For Patek (which was an underbidder at the Sotheby’s auction), the Graves also has served as a reference point for more recent pocket watches, including the Star Caliber 2000—the culmination of an eight-year-long project—which showcases 21 complications including phases of the moon and the motion of constellations. “Innovation has always been a part of Patek, and when [company owner] Philippe Stern makes these pocket watches, he wants to create something that pushes the limits,” Pettinelli says. “They evolve from historical pieces we’ve made, but he wants to challenge the watchmaker, the casemaker, the people who design the presentation box.”
In producing the Star Caliber 2000, one of the greatest challenges was replicating, for the first time in a portable timepiece, the chiming of the Westminster clock tower. Mechanical feats such as miniaturizing Big Ben require watchmakers to integrate the latest technology with old-world craftsmanship. “A watch like the Graves was made by trial and error, before we had computers,” explains Pettinelli, who estimates that designing Patek’s modern ultracomplicated pocket watches without using CAD would take at least two decades—if it could be done at all.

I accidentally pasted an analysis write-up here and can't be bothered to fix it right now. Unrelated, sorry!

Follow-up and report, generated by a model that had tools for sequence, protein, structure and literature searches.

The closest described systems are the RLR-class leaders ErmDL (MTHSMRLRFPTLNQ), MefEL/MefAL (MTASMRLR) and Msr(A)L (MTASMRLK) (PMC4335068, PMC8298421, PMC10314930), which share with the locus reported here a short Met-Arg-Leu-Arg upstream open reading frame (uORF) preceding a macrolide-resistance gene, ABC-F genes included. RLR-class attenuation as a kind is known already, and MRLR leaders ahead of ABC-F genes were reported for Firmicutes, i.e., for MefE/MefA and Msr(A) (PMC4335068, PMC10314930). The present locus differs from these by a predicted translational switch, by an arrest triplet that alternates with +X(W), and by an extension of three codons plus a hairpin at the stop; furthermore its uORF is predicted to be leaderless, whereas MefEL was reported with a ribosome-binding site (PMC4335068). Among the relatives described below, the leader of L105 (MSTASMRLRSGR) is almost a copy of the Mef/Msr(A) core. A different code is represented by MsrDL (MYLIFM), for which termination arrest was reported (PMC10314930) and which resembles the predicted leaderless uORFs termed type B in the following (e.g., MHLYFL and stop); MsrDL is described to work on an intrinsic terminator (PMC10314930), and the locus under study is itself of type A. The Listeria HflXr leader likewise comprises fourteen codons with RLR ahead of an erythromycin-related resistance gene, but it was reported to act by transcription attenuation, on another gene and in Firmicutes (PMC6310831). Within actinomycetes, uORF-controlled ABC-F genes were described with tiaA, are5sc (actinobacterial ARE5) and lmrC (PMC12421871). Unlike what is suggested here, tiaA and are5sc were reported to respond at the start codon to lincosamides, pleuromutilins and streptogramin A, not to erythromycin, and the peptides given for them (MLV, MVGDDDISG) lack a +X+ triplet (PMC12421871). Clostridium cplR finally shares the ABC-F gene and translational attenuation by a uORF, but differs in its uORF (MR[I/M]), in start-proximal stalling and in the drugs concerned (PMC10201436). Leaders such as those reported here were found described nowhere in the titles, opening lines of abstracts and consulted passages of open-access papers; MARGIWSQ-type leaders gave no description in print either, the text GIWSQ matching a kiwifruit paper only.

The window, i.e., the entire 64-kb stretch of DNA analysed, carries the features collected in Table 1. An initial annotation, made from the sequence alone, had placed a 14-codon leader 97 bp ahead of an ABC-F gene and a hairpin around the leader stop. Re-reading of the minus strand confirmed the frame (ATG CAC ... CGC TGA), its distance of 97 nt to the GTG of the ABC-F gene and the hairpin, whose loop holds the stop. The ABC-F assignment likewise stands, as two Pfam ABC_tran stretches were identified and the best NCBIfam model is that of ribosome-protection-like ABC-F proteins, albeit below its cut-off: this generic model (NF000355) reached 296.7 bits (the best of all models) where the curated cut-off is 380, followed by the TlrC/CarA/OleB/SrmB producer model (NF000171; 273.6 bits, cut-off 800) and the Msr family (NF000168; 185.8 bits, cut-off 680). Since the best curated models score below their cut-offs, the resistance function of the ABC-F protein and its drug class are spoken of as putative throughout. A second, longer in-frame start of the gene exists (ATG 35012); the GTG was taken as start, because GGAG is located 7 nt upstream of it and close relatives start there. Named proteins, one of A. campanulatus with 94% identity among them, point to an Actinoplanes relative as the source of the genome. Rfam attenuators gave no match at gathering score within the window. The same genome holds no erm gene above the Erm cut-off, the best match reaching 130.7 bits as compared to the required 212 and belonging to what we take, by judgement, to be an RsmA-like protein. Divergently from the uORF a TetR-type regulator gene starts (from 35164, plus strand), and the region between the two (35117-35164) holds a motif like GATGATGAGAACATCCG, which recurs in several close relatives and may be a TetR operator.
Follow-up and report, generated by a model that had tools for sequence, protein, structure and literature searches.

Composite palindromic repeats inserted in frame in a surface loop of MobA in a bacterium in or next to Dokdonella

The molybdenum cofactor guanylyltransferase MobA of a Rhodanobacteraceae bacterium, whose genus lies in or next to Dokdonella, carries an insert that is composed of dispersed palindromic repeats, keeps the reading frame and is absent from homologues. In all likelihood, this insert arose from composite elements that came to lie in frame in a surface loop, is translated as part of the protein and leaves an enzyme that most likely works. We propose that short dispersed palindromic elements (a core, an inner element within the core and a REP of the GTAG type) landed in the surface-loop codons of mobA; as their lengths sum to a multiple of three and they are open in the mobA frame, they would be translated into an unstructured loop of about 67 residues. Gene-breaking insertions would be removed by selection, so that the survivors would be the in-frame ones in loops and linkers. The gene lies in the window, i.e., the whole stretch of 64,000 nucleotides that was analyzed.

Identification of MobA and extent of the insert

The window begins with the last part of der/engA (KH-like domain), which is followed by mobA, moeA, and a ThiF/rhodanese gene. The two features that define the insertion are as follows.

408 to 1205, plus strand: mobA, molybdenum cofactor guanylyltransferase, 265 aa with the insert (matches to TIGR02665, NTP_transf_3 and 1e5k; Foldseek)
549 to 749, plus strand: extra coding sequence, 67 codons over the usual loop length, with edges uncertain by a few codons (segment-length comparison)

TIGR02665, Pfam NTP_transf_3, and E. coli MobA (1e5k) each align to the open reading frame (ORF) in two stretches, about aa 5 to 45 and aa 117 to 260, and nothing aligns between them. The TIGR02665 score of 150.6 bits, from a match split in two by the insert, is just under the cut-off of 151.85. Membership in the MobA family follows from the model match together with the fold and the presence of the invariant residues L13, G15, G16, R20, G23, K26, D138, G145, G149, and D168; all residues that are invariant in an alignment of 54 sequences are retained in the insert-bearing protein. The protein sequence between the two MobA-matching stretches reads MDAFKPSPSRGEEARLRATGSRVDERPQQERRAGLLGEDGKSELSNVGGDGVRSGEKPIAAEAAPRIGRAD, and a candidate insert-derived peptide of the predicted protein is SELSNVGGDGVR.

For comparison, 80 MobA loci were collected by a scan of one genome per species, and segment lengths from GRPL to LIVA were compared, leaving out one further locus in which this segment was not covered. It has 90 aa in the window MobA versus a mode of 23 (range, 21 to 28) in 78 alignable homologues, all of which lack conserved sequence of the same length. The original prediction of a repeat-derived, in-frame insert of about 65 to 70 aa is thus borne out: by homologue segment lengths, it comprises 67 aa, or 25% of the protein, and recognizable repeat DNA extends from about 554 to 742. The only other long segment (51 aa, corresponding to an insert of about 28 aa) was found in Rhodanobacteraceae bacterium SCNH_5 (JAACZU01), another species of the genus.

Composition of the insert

Because of their size, pocket watches are the ideal platform for implementing Westminster chimes and other innovations that computers and robotics have made possible. But even with the new technology, these pieces remain prohibitively expensive for all but a few companies to design and manufacture. “This is an opportunity to produce something that most companies can’t,” says Antiquorum’s Patrizzi. “It’s really promotional.”
Patek regularly offers limited quantities of relatively simple pocket watches, but grand complications are reserved for only avid collectors whom the company deems qualified to acquire such pieces. “The reality is that Mr. Stern really loves complicated pocket watches,” Pettinelli explains. “Sometimes we’ll get a caller asking what’s available for purchase, and he’ll say that he doesn’t want to sell any.” The company is even more reluctant to accept commissions because of the speculative market. “It creates a frenzy because everyone wants a one-off piece,” says Pettinelli, “and I hate to say it, but they’re just using that to make money.”